[Via Satellite 02-10-2015] If all goes as planned, by 2017 Panasonic Avionics will have High Throughput Satellite (HTS) capacity that wraps around the world for its In-Flight Connectivity (IFC) services. The company has been buying up HTS capacity at a feverish rate, serving as an anchor customer for two of Intelsat’s first EpicNG satellites, Intelsat 29e and Intelsat 33e, along with Eutelsat’s triple-mission Eutelsat 172b satellite. Intelsat 29e is slated to launch later this year, followed by Intelsat 33e in 2016, and Eutelsat 172b the year after. But that is not the end of Panasonic’s HTS ambitions.
David Bruner, VP of global communications at Panasonic Avionics, told Via Satellite the company experienced a lull in 2014 as the Federal Aviation Association (FAA) looked for solutions to bird-strikes on radomes, but airlines are spooled up and cranking out installations again. New customers including Air Berlin, Aeromexico, and China Eastern are starting installations, and the company anticipates three or four more new customers coming online between now and March. These and existing customers are fueling the need for even more capacity.
“We’ve already committed to a lot of HTS purchases,” said Bruner. “We’re in the middle of procuring massive additional satellite capacity, and you want to know that the customers are coming along with you. So seeing this adoption and the commitments of aircraft is really important to us to make sure the business is heading in the right direction, and that is the case.”
With IS-29e, IS-33e and Eutelsat 172b, Panasonic Avionics will have HTS capacity that covers the world’s high-density air traffic routes. The company already blankets more than 99 percent of the world with satellite and, according to Bruner, 80 percent of all airline flight hours will soon be covered by HTS. The company’s three-pronged strategy, he said, has been to get all the regulatory approvals needed for worldwide coverage, then add global coverage and layer it with even more capacity in highly trafficked regions as needed. This means more HTS capacity within existing footprints.
“It’s really what we call ‘extreme HTS,’” Bruner explained. “It’s the same philosophy — you just have smaller spot beams and much more frequency in those beams … but you only do this in areas where there is very high-density air traffic. You need lots of airplanes operating in a particular geographic region. North America is one of those regions that can justify this additional investment.”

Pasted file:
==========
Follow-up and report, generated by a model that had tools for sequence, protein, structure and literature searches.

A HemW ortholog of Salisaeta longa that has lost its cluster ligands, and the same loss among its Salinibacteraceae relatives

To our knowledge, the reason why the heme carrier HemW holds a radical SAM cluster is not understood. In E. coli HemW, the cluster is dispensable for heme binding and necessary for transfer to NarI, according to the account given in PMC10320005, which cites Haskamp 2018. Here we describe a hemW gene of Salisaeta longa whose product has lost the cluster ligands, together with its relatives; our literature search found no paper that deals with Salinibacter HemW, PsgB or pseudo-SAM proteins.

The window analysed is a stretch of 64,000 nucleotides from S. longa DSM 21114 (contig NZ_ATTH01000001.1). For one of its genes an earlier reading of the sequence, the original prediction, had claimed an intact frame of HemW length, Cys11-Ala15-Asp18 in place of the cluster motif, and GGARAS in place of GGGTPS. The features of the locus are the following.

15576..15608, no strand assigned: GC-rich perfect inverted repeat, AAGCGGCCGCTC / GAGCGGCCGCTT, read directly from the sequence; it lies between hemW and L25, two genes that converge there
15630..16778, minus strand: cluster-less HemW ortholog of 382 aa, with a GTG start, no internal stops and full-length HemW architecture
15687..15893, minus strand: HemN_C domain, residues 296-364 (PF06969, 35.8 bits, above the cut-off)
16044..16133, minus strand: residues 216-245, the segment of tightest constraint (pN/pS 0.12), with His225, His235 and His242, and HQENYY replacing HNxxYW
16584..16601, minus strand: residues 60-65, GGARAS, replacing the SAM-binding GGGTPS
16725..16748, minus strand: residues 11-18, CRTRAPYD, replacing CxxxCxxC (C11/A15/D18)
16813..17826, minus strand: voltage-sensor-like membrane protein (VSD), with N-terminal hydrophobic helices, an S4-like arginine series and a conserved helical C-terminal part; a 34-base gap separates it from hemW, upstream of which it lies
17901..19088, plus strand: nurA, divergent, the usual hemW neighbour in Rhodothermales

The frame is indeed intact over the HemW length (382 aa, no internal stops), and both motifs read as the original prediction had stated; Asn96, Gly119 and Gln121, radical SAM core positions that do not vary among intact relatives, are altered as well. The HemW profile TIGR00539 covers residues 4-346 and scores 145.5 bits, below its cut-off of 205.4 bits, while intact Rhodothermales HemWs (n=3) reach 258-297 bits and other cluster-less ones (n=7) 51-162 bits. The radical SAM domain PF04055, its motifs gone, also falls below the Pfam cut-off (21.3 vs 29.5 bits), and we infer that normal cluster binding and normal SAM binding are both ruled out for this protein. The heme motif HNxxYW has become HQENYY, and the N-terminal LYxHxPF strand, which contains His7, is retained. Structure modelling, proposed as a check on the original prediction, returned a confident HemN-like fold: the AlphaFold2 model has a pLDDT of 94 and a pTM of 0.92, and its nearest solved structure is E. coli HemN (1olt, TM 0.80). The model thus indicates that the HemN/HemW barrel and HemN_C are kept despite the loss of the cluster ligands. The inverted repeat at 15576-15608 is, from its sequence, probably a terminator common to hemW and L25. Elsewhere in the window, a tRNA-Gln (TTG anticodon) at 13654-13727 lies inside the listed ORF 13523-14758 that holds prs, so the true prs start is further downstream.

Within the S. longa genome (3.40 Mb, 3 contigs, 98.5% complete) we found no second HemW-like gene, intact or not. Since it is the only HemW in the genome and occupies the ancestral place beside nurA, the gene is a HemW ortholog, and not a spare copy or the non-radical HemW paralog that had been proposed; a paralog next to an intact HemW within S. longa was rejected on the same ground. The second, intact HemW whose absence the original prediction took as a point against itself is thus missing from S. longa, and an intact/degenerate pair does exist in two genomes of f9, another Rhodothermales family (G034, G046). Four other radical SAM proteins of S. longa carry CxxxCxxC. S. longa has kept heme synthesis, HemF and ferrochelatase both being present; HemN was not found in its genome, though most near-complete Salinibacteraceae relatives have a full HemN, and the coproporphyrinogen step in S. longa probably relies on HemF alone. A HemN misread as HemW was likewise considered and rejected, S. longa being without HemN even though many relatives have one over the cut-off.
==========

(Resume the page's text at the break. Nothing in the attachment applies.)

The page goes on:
In North America, Panasonic Avionics currently provides IFC through six transponders that essentially cover the same geography. Bruner said the transition to high-throughput capacity enables the company to put everyone on the same network, streamlining the provision of broadband services with greater efficiency.
Panasonic Avionics is also developing a new lightweight electronically steered phased array antenna through a partnership with Boeing. Bruner said the small size of the antenna is anticipated to find a niche with regional jets and business jets, opening up markets that were not always favorable to satellite in the past. He added the new antenna — now slated for release in 2017 — will work best with satellites that have a high Effective Isotropic Radiated Power (EIRP) performance and can deliver lots of bandwidth.
Outside of North America, where many airlines have already committed to an IFC provider, Bruner said Panasonic Avionics is seeing new activity in places such as South America and Oceania, which are starting to experience the growth found in Europe two to three years ago. Connected aircraft flying from places such as North America, Europe and the Middle East are spurring on airlines in some of these areas that have been last to move forward with IFC broadband services. As areas with dense air traffic pursue IFC, they become prime candidates for HTS.
“We are basically doing that worldwide — and we are not stopping. Right now we are working on additional procurements because within those areas are smaller geographies with extremely dense air traffic. We are going for even more capacity, because each airplane and user is using more capacity this year than they did last year,” he said.
Bruner said airlines in South America have not yet begun implementation activity, but that they are starting to take interest. Brazil, which will be covered by IS-29e, is expected to be a top area, along with flight paths such as Buenos Aires in Argentina to Rio de Janeiro, Brazil. Panasonic Avionics anticipates similar growth in Australia and Oceania. The geography is slightly more difficult, Bruner said, but provides a strong opportunity for satellite. As more both domestic and international airlines equip their fleets, Panasonic Avionics will look to bring HTS capacity to win over customers in popular airspace.
The post Panasonic Avionics Talks ‘Extreme HTS,’ Musing Next Capacity Purchase appeared first on Via Satellite.